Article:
The arts, of all kinds, give us insights into how and what their creators think and feel–that is, to their worldview. In this story on some of the grandiose building projects of Venezuelan dictator wannabe Hugo Chavez, Charles Lane draws on some actual aesthetic scholarship to make some revealing points about “high modernism” and why that style has been so attractive to totalitarians:
Chávez acts on an ideology that anthropologist James C. Scott of Yale has called “high modernism.” In his brilliant 1998 book about the phenomenon, “Seeing Like a State,” Scott explored the peculiar mix of good intentions and megalomania that has driven one unchecked government after another to pursue the dream of a reconcentrated populace: “a strong, one might even say muscle-bound, version of the self-confidence about scientific and technical progress, the expansion of production, the growing satisfaction of human needs, the mastery of nature (including human nature), and above all, the rational design of social order commensurate with the scientific understanding of natural laws.”
Central to high modernism is an aesthetic sense that prefers straight lines and right angles to the crooked pathways and sprawling gardens of spontaneous rural development. Nyerere, for example, was determined to give his East African country a landscape dotted with symmetrical “proper” villages, like those he had seen in England.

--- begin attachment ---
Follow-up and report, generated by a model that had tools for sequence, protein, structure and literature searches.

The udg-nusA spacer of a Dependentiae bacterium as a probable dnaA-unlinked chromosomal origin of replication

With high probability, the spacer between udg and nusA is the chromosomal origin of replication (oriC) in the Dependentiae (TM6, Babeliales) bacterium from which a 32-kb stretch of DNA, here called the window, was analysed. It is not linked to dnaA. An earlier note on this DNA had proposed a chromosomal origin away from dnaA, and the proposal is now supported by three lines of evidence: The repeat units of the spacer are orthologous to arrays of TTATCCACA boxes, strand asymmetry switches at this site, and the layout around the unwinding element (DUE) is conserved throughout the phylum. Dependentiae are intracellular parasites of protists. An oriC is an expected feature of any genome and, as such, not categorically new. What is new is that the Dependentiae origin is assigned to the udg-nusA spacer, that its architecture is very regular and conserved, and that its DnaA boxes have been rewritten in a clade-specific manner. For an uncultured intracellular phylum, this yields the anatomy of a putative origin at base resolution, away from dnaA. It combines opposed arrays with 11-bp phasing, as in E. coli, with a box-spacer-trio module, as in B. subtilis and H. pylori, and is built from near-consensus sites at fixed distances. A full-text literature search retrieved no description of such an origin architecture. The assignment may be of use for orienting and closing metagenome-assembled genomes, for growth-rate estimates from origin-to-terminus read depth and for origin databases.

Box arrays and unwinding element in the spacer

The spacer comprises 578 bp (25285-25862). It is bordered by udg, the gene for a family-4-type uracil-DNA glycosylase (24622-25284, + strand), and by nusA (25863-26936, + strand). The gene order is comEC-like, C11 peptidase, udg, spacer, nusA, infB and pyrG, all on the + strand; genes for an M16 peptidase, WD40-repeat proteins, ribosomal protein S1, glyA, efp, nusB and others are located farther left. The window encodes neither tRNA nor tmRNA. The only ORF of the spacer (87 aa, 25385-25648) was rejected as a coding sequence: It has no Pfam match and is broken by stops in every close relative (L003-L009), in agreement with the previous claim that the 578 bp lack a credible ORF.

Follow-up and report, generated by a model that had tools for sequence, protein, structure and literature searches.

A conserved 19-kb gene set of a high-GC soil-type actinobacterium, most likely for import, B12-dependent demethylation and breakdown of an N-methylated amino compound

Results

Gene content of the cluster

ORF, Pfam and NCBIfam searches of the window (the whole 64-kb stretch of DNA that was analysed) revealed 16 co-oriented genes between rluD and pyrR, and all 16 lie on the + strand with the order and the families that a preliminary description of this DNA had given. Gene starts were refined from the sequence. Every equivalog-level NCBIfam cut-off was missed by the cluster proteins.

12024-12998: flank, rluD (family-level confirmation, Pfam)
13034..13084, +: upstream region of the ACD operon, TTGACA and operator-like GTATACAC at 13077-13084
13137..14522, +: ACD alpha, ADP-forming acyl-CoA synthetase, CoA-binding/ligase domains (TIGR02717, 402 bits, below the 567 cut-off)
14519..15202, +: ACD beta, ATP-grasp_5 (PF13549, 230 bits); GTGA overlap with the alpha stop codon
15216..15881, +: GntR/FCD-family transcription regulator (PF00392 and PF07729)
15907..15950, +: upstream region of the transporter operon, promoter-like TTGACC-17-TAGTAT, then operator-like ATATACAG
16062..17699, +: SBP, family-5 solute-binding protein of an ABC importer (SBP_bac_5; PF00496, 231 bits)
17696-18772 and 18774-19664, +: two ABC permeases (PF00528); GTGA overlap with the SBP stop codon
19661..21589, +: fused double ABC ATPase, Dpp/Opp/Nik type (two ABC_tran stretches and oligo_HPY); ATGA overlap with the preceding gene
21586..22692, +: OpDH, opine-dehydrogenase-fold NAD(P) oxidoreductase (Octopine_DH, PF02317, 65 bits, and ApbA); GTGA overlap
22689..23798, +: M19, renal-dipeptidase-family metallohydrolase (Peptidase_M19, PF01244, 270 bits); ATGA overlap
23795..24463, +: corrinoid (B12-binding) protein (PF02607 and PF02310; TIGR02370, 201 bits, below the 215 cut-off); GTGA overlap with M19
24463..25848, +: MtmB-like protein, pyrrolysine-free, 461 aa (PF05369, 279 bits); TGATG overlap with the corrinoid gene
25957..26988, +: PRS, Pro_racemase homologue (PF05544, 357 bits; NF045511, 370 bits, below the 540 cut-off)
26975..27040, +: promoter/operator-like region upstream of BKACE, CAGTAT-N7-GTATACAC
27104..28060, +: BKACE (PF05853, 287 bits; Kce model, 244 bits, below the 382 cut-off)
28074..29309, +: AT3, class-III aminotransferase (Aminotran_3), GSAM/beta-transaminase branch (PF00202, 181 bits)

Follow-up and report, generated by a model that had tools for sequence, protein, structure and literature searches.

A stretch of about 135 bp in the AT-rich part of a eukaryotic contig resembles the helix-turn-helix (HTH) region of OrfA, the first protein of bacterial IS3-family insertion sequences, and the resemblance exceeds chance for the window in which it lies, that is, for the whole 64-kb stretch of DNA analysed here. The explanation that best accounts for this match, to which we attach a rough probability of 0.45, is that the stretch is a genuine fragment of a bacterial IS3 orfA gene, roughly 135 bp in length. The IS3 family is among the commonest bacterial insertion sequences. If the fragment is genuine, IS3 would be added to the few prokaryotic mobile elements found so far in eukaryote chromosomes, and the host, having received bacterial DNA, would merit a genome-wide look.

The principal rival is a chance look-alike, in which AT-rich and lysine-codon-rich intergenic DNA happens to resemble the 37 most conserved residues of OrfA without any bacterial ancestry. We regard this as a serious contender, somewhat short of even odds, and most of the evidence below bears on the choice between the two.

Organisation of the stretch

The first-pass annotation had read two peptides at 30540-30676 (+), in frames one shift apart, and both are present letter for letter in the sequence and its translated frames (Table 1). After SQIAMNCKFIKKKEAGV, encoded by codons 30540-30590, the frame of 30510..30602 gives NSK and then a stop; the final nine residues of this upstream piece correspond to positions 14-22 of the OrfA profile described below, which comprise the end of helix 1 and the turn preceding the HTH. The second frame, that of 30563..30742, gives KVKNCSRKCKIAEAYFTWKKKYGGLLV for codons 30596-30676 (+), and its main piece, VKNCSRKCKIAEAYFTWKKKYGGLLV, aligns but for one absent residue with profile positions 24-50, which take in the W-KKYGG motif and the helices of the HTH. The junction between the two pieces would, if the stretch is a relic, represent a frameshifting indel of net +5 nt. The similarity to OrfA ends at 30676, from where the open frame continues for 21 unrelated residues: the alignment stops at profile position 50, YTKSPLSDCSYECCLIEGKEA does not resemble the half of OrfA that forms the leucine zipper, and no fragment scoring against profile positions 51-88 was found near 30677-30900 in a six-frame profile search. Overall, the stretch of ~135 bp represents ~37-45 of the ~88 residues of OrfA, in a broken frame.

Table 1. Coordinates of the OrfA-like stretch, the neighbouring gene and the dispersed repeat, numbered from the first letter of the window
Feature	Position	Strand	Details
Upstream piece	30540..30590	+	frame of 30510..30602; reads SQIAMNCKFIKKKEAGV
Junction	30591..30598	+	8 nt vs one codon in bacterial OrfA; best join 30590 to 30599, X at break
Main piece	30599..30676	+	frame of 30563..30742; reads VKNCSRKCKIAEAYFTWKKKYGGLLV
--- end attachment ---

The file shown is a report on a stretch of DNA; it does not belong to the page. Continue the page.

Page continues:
Architecturally and ecologically unsustainable, high modernist projects always collapse of their own weight sooner or later. As Scott writes, “the history of Third World development is littered with the debris of huge agricultural schemes and new cities . . . that have failed their residents.” Eastern Europe and the former Soviet Union fit that assessment also, as visitors to Germany’s Eisenhuettenstadt, begun in the 1950s as Stalinstadt, can attest. Designated “the first socialist city on German soil” by East Germany’s Communists, it was plunked down next to an immense steel mill and commanded to thrive. Today, the depressed city is hemorrhaging residents.
Yet the high-modernist experiments continue — think of China’s Three Gorges Dam and the accompanying vast uprooting of villages. Fundamentally, they are not about economics. High modernism is the architecture of centralized political control. When people live scattered across the countryside or, in the case of Venezuela, clinging to the mountainsides around the capital, they’re relatively hard to govern in any fashion, let alone by authoritarian means. In government-built grids, Scott notes, they can be identified, counted, conscripted and monitored.